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Old 08-28-2018, 09:57 AM
 
Location: Denver CO
21,173 posts, read 11,774,111 times
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there are lots of farmers markets around - that only helps during growing season of course, but they are nice to take advantage of.

I think you said Littleton area so this may be the closest one to you, but you can google for other options as well

https://www.denverfarmersmarket.com/aspen-grove.html

As far as the Nourish Food co-op, that doesn't seem like it's got any forward momentum at the moment. I'd love it if it happens, esp. if they keep the location near to where I am, but I'm not holding my breath. I used to see lots of yard signs for it but now that I think about it, I don't see any of those any more.
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Old 08-28-2018, 04:18 PM
 
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It really surprised me finding out about the lack of co-ops in CO. I'm originally from WA and moved to Minneapolis a couple of years ago. I was shocked to find out there's at least a dozen co-ops across the twin cities metro. There's even a co-op in the small town of Grand Marais - a town on Lake Superior - less than 1500 people.
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Old 08-28-2018, 07:16 PM
 
Location: Washington Park, Denver
6,944 posts, read 6,553,038 times
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Quote:
Originally Posted by Arushan View Post
It really surprised me finding out about the lack of co-ops in CO. I'm originally from WA and moved to Minneapolis a couple of years ago. I was shocked to find out there's at least a dozen co-ops across the twin cities metro. There's even a co-op in the small town of Grand Marais - a town on Lake Superior - less than 1500 people.
Small farms are easier to have when water is plentiful.
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Old 08-29-2018, 06:22 AM
 
2,096 posts, read 1,832,657 times
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Quote:
Originally Posted by Scott5280 View Post
... My Grandio was destroyed on Christmas day 2017 (out of town) some jackholes demolished it after breaking in looking for pot.
A close friend has a green house in his back yard and leaves it unlocked with a big sign that says the contents are vegetables. He has had a few jackholes....
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Old 08-29-2018, 07:33 AM
 
Location: NYC
506 posts, read 704,479 times
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How about this?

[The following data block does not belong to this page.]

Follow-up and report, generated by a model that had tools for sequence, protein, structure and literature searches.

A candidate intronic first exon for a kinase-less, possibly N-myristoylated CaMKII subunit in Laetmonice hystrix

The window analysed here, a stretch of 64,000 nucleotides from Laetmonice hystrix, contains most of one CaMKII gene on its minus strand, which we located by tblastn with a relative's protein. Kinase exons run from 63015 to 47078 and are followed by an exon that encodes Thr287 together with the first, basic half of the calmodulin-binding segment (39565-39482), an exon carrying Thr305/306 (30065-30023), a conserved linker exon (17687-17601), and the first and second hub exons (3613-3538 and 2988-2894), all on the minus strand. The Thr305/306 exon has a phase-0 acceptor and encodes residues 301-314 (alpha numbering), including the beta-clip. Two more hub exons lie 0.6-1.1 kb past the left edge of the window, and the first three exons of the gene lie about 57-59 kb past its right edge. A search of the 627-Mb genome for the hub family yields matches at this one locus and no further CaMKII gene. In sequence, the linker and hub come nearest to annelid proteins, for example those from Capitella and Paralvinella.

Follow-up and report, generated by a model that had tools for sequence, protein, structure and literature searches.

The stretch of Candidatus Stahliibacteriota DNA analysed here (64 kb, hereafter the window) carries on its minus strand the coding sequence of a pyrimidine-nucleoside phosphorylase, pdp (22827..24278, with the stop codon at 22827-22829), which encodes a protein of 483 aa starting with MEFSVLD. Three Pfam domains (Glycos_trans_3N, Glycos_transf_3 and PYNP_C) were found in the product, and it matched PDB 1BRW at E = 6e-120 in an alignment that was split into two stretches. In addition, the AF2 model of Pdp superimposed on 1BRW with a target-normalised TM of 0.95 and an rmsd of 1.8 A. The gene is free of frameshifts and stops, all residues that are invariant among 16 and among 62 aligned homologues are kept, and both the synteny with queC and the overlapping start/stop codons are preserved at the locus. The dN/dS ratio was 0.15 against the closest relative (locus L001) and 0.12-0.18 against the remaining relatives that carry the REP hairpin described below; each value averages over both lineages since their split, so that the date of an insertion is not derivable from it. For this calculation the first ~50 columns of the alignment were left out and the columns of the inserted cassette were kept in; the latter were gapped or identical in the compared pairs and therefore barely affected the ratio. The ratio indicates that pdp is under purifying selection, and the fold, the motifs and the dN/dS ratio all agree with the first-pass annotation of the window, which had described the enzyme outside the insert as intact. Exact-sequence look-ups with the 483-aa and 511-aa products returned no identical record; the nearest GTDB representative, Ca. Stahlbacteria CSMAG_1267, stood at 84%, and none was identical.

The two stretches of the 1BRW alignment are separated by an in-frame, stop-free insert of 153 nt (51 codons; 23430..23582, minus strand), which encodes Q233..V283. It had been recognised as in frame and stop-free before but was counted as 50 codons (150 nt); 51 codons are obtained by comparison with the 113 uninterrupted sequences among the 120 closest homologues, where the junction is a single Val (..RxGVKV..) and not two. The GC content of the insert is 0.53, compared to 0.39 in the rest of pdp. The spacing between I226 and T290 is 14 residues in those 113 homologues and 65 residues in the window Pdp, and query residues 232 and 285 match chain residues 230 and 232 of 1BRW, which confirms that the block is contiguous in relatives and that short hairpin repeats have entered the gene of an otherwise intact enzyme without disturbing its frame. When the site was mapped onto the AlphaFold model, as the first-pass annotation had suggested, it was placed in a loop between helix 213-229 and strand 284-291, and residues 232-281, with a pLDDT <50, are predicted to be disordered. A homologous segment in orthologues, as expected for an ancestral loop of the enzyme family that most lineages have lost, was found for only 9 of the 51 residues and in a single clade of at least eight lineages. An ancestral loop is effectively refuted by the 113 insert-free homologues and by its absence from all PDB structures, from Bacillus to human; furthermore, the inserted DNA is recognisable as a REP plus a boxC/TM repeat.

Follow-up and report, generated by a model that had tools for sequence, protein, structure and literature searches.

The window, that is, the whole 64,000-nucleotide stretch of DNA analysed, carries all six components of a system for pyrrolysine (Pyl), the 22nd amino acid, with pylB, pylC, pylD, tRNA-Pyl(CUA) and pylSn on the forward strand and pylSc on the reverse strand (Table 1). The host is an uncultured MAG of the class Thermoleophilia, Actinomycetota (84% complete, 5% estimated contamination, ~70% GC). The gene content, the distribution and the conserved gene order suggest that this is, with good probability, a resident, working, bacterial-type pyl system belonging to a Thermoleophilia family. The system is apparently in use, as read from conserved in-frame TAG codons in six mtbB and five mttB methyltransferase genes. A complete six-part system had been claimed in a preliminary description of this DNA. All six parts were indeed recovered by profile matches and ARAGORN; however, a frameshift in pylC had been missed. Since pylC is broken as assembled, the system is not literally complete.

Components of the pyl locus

How to eat local this Winter in Denver | Slow Food Denver

I guess, it's hard for farmer's markets to operate in the winter and spring months.

https://www.thedenverear.com/farmers-markets-denver/

https://www.colorado.gov/pacific/sit...ersMarkets.pdf
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Old 08-29-2018, 09:26 AM
 
20,903 posts, read 39,179,200 times
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Quote:
Originally Posted by Entangled View Post
Yes, hard to have such markets in winter given the very short growing season in Colorado due to the elevation and the huge swings in temperatures during those months. Having lived 11 years on COLO SPGS at 7,000 feet there were only a few months of such markets and IMO the offerings were not very good.

I gave up on Farmer's Markets years ago; didn't trust half of the "farmers" selling the stuff as I expected some of them just went to a large commercial wholesale produce terminal to buy the best stuff they saw and passed it off as their own locally grown. I get great fruit and veggies at my local Safeway here in AZ and even a lot of this comes in from CA or Mexico. I won't bother with farmer's markets now unless I go TO the farm and buy it from a stand alongside the road, then I'd believe it was local. We have to trust some people, and I trust Safeway (much more so than Kroger, aka Fry's).

In Colorado everyone loved the sweet corn from Olathe, CO and peaches from the Palisades area on the western slope. Lots of potatoes grown in the San Luis Valley (think Alamosa, etc) and lots of cattle feed lots on the eastern prairies (think Greeley). Even the Palisades peach orchards on the western slope are having trouble this year given that immigrant farm workers are in hiding and peaches are rotting in the fields out there.
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Old 08-29-2018, 12:06 PM
 
Location: NYC
506 posts, read 704,479 times
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Quote:
Originally Posted by Mike from back east View Post
Yes, hard to have such markets in winter given the very short growing season in Colorado due to the elevation and the huge swings in temperatures during those months. Having lived 11 years on COLO SPGS at 7,000 feet there were only a few months of such markets and IMO the offerings were not very good.